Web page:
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Theatre in Review: All I Want is One Night (59E59)

Jessica Walker. Photo: Carol Rosegg

Having turned up in recent years at 59E59 to hold forth about the tradition of male impersonators in the English music hall ("The Girl I Left Behind Me") and the travails of a certain postwar West End star (Pat Kirkwood is Angry), Jessica Walker is back, this time to school us in the life of Suzy Solidor. Even by the standards of the women chronicled in Walker's previous entertainments, Solidor was a handful. Fleeing an unhappy childhood in Brittany, at seventeen she drove an ambulance in World War I before making her way to Paris, where a wealthy lady antiques dealer added her to her personal collection. Next came a career as a model, parading up and down the beach at Deauville in bizarre bathing suits. In 1932, she opened a nightclub with herself as the star, presiding over a gay demimonde with a repertory of frankly erotic, openly lesbian songs. She drew her lovers from both sexes -- the women for pleasure and the men for their cash assets. The club stayed open during the Occupation, a fact that did not endear her to her fellow citizens. (Walker thinks Solidor was part of the Resistance; if so, it did little to shield her from being branded a collaborator.) Her main ambition was to be the most painted woman in the world, and a retinue of worthies lined up to oblige her, including Jean Cocteau, Francis Bacon, Man Ray, and Tamara de Lempicka; the last became one of her many lovers. It was a wild, glittering, celebrity-packed ride, and if she ended up in the South of France bitter, overweight, dressing like a naval officer (and insisting she be called "admiral"), and performing for audiences who longer showed up -- well, the price of being a hellion is rarely cheap.

Walker has envisioned All I Want is One Night as a kind of cabaret unfolding in the mind of the elderly Solidor, combining some of her signature songs with a portfolio of scenes from her life, delivered in no particular order. It's a tall order for a show running little more than an hour, and it results in an entertainment that is uneasily stranded between nightclub act and full-out biographic drama. The dialogue scenes play like a highlight reel from a vintage film melodrama -- all passionate kisses, flagrant infidelities, guns waved around menacingly, and blatant single entendres. Think of a Bette Davis picture with an all-female cast, and you've got the idea.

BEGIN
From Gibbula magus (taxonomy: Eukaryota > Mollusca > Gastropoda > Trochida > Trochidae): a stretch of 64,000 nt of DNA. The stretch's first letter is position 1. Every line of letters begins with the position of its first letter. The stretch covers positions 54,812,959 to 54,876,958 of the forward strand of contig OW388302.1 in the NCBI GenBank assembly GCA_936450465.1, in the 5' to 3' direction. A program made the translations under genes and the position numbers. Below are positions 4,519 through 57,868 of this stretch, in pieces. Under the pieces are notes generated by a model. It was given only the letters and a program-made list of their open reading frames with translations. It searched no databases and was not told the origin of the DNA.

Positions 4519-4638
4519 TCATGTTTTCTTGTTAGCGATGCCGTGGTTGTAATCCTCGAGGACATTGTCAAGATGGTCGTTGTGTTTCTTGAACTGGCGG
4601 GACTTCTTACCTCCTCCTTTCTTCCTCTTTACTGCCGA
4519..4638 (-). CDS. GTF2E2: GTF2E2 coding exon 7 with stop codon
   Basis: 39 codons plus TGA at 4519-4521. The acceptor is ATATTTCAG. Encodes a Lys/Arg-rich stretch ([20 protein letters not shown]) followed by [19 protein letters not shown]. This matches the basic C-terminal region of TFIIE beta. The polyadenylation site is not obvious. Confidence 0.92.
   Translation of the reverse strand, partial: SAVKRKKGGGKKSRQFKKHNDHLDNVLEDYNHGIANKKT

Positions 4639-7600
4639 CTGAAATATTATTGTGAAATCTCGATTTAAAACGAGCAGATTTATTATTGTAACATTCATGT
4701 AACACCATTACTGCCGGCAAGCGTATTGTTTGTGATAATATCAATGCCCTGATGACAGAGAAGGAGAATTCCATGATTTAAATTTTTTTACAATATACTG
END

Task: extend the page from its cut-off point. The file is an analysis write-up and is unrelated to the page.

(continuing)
None of this convinces, and in its weakest moments, All I Want is One Night strains to maintain a steamy atmosphere of intrigue. But when the commanding Walker, with her silvery soprano, takes the stage, dressed like a Greek goddess who has condescended to come to earth and teach us humans a thing or two, all is well, indeed. Solidor specialized in two types of songs: Of her sea-themed numbers, "Les Filles de St. Malo" carries the authentic tang of salty breezes, as does "Escale," by Marguerite Monnot, who provided Édith Piaf with many of her classics. Of the more suggestive accounts of female desire, "Ouvre," which leaves nothing to the imagination, and the title tune are memorable offerings. (Walker translated the lyrics.) For anyone interested in the history of international cabaret, this is a golden opportunity to sample what was popular in France between the wars.

The show turns 59E59's Theatre B into a nightclub, capably turned into a red-light district by Kate Ashton's lighting. Walker is ably supported by Rachel Austin as Daisy, the longtime lover whom Solidor abused yet with whom she is interred, and Alexandra Mathie, who takes on several roles, most notably Tamara de Lempicka, who can't quite leave Solidor alone, and as the Swedish artist Bengt Lindström, who shows up to paint Solidor in decline.

Someday there may be a complete drama about Solidor, and it will probably be formidable, as the French say...In the meantime, All I Want is One Night has some attractively sexy and melancholy songs delivered by a singer who is a mistress of the form. The rest of it is the raw material for a play yet to be written. -- David Barbour

(14 June 2018)

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